In the end, Forrest discovers he has a son. Jenny says, “I want you to meet someone. He’s named after his daddy. His name is Forrest.” Forrest asks, “His daddy’s name is Forrest, too?” See? Pure of heart. “You’re his daddy, Forrest.” Jenny dies and is buried under a tree they used to play on as kids. He sends little Forrest off to school. Forrest heads off to talk to Jenny, and says these words, the last lines of the movie.
“Momma always said dyin’ was a part of life. I sure wish it wasn’t. Little Forrest, he’s doing just fine. About to start school again soon. I make his breakfast, lunch, and dinner every day. I make sure he combs his hair and brushes his teeth every day. I’m teaching him how to play ping-pong. He’s really good. We fish a lot. And every night, we read a book. He’s so smart, Jenny. You’d be so proud of him. I am. He, uh, wrote a letter, and he says I can’t read it. I’m not supposed to, so I’ll just leave it here for you.
“Jenny, I don’t know if Momma was right or if, if it’s Lieutenant Dan. I don’t know if we each have a destiny, or if we’re all just floating around accidental-like on a breeze, but I, I think maybe it’s both. Maybe both are happening at the same time. I miss you, Jenny. If there’s anything you need, I won’t be far away.”
I don’t know if we have a destiny or if we’re all just floating around accidental-like on a breeze. I think maybe it’s both. No truer words have ever been said on screen. Those speak to my heart. They speak to being pure of heart. Trusting God. Even in the face of suffering and death, because those are a part of life. I sure wish they weren’t. Yet being devoted to God with all one’s heart is the point, not suffering or death. Those don’t have the last word.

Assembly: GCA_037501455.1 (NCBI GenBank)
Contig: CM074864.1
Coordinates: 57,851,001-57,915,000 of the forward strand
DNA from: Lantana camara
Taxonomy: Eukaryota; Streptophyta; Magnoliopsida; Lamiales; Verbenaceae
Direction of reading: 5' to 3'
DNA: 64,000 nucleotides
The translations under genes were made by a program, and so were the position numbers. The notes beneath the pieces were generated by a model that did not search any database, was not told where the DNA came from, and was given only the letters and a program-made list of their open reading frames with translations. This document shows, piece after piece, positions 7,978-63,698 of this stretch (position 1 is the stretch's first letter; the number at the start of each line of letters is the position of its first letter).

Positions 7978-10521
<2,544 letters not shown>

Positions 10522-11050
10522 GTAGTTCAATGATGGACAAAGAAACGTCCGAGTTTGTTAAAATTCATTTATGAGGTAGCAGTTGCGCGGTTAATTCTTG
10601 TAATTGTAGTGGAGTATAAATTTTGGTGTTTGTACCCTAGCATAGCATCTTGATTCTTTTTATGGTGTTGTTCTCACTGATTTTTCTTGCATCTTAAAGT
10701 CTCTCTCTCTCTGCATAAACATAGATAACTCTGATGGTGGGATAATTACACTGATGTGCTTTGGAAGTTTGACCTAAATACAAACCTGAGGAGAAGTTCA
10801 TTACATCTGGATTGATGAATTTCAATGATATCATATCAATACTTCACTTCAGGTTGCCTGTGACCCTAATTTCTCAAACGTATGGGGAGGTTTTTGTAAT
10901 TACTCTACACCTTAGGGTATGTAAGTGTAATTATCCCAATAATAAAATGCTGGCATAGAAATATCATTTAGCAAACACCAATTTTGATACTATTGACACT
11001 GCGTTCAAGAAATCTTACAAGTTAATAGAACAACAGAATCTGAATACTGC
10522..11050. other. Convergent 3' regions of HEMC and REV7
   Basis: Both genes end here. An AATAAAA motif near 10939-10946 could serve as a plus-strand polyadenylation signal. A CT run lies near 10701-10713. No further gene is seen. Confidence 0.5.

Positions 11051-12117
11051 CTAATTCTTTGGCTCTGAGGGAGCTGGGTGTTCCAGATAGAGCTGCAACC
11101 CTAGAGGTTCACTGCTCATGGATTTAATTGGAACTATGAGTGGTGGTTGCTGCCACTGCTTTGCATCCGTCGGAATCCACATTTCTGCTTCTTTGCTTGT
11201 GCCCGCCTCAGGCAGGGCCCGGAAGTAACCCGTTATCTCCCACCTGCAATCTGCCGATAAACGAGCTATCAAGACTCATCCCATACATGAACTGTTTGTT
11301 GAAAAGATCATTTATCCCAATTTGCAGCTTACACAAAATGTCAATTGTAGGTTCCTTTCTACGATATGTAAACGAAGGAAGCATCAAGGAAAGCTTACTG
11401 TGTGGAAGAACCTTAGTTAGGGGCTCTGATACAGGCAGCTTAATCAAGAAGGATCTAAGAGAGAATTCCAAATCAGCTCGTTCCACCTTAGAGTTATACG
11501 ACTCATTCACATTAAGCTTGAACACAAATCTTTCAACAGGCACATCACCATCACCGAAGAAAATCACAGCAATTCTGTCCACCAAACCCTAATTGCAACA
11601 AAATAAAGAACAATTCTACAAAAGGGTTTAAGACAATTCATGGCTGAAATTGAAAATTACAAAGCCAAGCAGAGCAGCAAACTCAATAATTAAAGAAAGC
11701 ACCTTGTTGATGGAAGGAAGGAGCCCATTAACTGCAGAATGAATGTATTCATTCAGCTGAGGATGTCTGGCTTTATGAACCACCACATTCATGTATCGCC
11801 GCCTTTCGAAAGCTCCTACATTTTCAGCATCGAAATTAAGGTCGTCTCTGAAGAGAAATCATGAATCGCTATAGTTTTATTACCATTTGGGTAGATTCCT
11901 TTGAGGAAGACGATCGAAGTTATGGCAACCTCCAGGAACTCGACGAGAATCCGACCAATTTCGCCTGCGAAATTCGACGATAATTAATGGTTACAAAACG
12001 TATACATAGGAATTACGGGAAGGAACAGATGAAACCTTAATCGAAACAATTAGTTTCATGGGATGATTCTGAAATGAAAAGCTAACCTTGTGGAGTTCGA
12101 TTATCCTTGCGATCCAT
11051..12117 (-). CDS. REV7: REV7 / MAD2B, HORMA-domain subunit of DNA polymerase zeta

I’m thinking of another character who was pure in heart and saw God. Moses. He heard his name called, “Moses! Moses” and answers with the word “henini” which is Hebrew for “Here I am.” This word is used by many prophets when they are called. Jacob, Samuel, Jeremiah, Isaiah. Moses is told his destiny, to lead the slaves out of Egypt.
“Who am I that I should go to Pharaoh?” Moses asks.
And God said, “I will be with you.”
Then Moses asks a loaded question. “What is your name?” This name would give Moses a clue as to what god he is serving or what god is asking him. Back in those days, gods have various tasks in a polytheistic culture. Is this god a god of war, a god of wine, of wisdom, or of thunder? What exactly am I getting into? God’s name will provide a clue as to what Moses is being asked to do.
Yet God answers, “I am who I am.” Or “I am what I will be.” Which is a non-answer. It’s the “I think maybe it’s both, both are happening at the same time” answer. And Moses fulfills his destiny, all accidental like on purpose.
May we do the same. May we be undivided in our faith and thinking. May we not attempt to serve two masters. May our love be undivided and pure. Unconditional, like God’s love for us is. Like Forrest’s love for his mama, Jenny, Bubba, Lt. Dan, and lil’ Forrest. May we love who we love. Serve our neighbor, accepting them as they are.
Blessed are the pure in heart. For they shall see God. Not just when they die, but walking around our streets. Sitting beside us here in worship. On a park bench in Savannah, Georgia. Blessed those who see the divine in their neighbor, for they are never wrong. And that’s all I have to say, about that.
 New Interpreter’s Bible, Volume VIII, Gospel of Matthew, page 179